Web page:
The numbers are in from the Chicago Teachers Union’s strike authorization vote, and it’s not even close.
After three days of voting last week, 22,678 of the union’s 24,752 eligible members cast ballots, and 96.05 percent of them voted “yes” — 88 percent of all CTU members. The nation’s third-largest — and arguably most important — teachers union has sent a clear message that they are willing to walk off the job amid their current round of contract negotiations, as they did in 2012.
For the CTU, this contract fight comes in the middle of a rare political crisis for the city’s political elites, yet also will prove a monumentally difficult task. But the strike vote itself (which gives the union leadership the authority to call a walkout if certain legal benchmarks are met during contract negotiations) and the recent history of battles around that ballot are worth recounting — both because a nearly 90 percent “yes” vote reflects the success of a crucial element of the Chicago teachers’ model of organizing, and because it’s the kind of lopsided result the union’s enemies previously thought was impossible to achieve.
In 2011, neoliberal education reform groups pushed through the Illinois state legislature a bill designed to limit the power of teachers unions, specifically the CTU. Among other limiting provisions (including new rules on teacher tenure, layoffs, evaluations, and other issues), State Bill 7 raised the threshold for authorizing a strike. While the CTU had previously been able to call a walkout with a simple majority of voting members, they now needed support from 75 percent of all members.
How did such a law come about? In a remarkable talk at the Aspen Ideas Festival that year, Jonah Edelman, CEO of Stand for Children, a corporate education reform group that regularly opposes teachers unions and entered the state at the invitation of right-wing billionaire private equity mogul and now – Illinois Governor Bruce Rauner, explained the group’s success in passing the bill and the thinking behind it. (Though recorded and posted on the festival’s web site, the panel attracted little attention until it was picked up by local education blogger Fred Klonsky.)
As Edelman told it, his group had looked at past data and noticed that the union had never conducted a strike authorization ballot that drew “yes” votes from more than 48.3% of all CTU members. Raising the bar to 75 percent wouldn’t make a strike illegal, they reasoned — but it would almost certainly make it unachievable.
“In effect,” Edelman says matter-of-factly, “they couldn’t have the ability to strike even though the right was maintained. … The union cannot strike in Chicago. They will never be able to muster the 75 percent threshold needed to strike.”
While it’s easy to scoff at Edelman’s statement in hindsight, at the time his analysis was spot on. Before 2010, the CTU was completely incapable of organizing even a simple majority of all of its members to vote for a strike, or probably do anything else. (The same is true of the vast majority of unions around the country today and throughout much of American labor history.)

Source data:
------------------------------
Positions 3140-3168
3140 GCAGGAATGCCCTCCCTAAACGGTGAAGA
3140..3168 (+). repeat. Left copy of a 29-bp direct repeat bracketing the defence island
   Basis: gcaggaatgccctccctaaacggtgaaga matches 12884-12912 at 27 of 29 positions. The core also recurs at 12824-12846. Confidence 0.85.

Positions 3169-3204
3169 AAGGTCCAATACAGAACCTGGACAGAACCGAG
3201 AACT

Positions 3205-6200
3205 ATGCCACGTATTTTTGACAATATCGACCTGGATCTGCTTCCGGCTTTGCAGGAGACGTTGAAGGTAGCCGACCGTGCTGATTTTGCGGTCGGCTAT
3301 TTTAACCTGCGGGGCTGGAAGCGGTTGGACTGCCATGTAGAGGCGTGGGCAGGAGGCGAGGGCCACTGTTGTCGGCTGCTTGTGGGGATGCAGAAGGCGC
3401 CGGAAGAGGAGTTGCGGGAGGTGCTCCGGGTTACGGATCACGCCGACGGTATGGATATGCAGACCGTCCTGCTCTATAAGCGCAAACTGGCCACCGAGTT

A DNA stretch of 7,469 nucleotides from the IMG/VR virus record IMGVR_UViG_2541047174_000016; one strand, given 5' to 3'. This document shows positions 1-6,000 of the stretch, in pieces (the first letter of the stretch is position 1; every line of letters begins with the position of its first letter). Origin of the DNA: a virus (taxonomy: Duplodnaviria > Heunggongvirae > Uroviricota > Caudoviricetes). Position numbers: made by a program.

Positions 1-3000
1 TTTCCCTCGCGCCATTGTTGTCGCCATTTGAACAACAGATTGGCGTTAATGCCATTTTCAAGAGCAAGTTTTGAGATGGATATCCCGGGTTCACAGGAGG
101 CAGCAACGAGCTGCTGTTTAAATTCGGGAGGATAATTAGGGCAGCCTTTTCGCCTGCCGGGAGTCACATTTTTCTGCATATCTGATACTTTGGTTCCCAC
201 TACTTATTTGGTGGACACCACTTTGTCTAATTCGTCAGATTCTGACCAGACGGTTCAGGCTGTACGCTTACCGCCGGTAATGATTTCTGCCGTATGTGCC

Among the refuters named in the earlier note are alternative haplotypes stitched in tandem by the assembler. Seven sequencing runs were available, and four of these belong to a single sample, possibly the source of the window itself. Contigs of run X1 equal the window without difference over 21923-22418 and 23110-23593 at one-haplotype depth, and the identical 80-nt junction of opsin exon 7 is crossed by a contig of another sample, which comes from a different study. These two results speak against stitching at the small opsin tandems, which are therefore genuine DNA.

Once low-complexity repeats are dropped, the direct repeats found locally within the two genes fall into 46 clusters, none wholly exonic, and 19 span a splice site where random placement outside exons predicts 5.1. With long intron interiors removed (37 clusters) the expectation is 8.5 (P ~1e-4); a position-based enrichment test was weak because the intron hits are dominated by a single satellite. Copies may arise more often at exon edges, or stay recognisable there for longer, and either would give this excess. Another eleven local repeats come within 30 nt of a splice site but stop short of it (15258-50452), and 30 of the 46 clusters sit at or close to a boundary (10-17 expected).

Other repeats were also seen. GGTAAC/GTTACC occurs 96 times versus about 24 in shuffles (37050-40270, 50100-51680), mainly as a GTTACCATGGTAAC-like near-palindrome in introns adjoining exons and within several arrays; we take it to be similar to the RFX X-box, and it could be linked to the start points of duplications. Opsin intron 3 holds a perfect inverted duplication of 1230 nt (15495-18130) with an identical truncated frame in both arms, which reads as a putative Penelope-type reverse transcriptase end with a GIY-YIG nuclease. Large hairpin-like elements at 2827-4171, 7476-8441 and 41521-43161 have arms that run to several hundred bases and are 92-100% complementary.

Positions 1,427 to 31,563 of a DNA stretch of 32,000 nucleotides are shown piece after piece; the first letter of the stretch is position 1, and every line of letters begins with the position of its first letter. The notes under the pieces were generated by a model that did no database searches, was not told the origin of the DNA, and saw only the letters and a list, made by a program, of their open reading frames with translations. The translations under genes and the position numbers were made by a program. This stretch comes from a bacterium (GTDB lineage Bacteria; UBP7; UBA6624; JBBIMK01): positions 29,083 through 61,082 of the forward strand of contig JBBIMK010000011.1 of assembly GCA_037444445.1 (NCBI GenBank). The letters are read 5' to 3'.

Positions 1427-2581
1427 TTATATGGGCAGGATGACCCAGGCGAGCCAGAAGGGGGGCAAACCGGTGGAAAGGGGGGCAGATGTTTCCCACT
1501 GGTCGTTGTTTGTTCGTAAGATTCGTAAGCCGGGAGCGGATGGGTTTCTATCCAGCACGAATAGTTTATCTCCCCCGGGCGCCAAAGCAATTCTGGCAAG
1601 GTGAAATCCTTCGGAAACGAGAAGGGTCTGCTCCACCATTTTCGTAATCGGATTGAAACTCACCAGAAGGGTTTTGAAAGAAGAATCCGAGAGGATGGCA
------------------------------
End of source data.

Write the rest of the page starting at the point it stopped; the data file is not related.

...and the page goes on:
But what Edelman didn’t account for was the program the new CTU leadership, the Caucus of Rank-and-File Educators (CORE), would carry out after being elected in 2010. New, democratic procedures within the union’s governing body; intense member political education programs; a new organizing department that took membership engagement seriously — the CTU under CORE came as close to organizing schools top-to-bottom, across the district’s six-hundred-plus schools, as was probably possible.
That commitment to rigorously organizing nearly all the union’s members — from initial contact to political education to continued engagement around union business to a strike vote — was on display in 2012 when 92 percent of all members voted to strike, and again in the most recent vote when 88 percent did the same. It’s also a level of engagement that produces mass numbers of rank-and-file union militants, willing to speak out at public hearings and march in the streets and talk to parents and neighbors — and effect a real political shift at the grassroots level in Chicago.
In some ways, SB7 actually ended up being a gift for the CTU. Unable to call out a strike authorization vote without engaging (and sometimes arguing with and pushing) nearly all of the union’s membership, CTU members and staff were forced to carry out the painstaking work of getting the entire rank-and-file on board with its program.
It’s that commitment that sets the Chicago teachers apart from most other unions around the country. CTU leaders like President Karen Lewis have long made headlines for her willingness to, as she has put it, “talk a little smack” in public. (When asked recently about how often she speaks with new CPS CEO Forrest Claypool, who has no background in schools, Lewis told the Chicago Sun-Times, “I don’t have that much to talk to him about ’cause he doesn’t know anything about education.”)
The value of such smack talk — at once energizing union members and working-class Chicagoans, and getting inside opponents’ heads — is real. Lewis’ combination of verbal jabs in the papers and shrewdness at the bargaining table have made her the Muhammad Ali of American union leaders.
But as Lewis herself repeatedly insists, it’s the CTU’s commitment to rank-and-file democracy and radical political education that make it a force to be reckoned with in the city. No amount of smack talk can produce an 88 percent strike authorization vote — only real member organizing, union democracy, and radical political education can do that.
In 2012, the CTU strike showed what a critical mass of workers can achieve when they’re united. With nearly nine out of ten members supporting strike action this time around, we’ll likely see that tight organization and militant mobilization in action again in the coming months.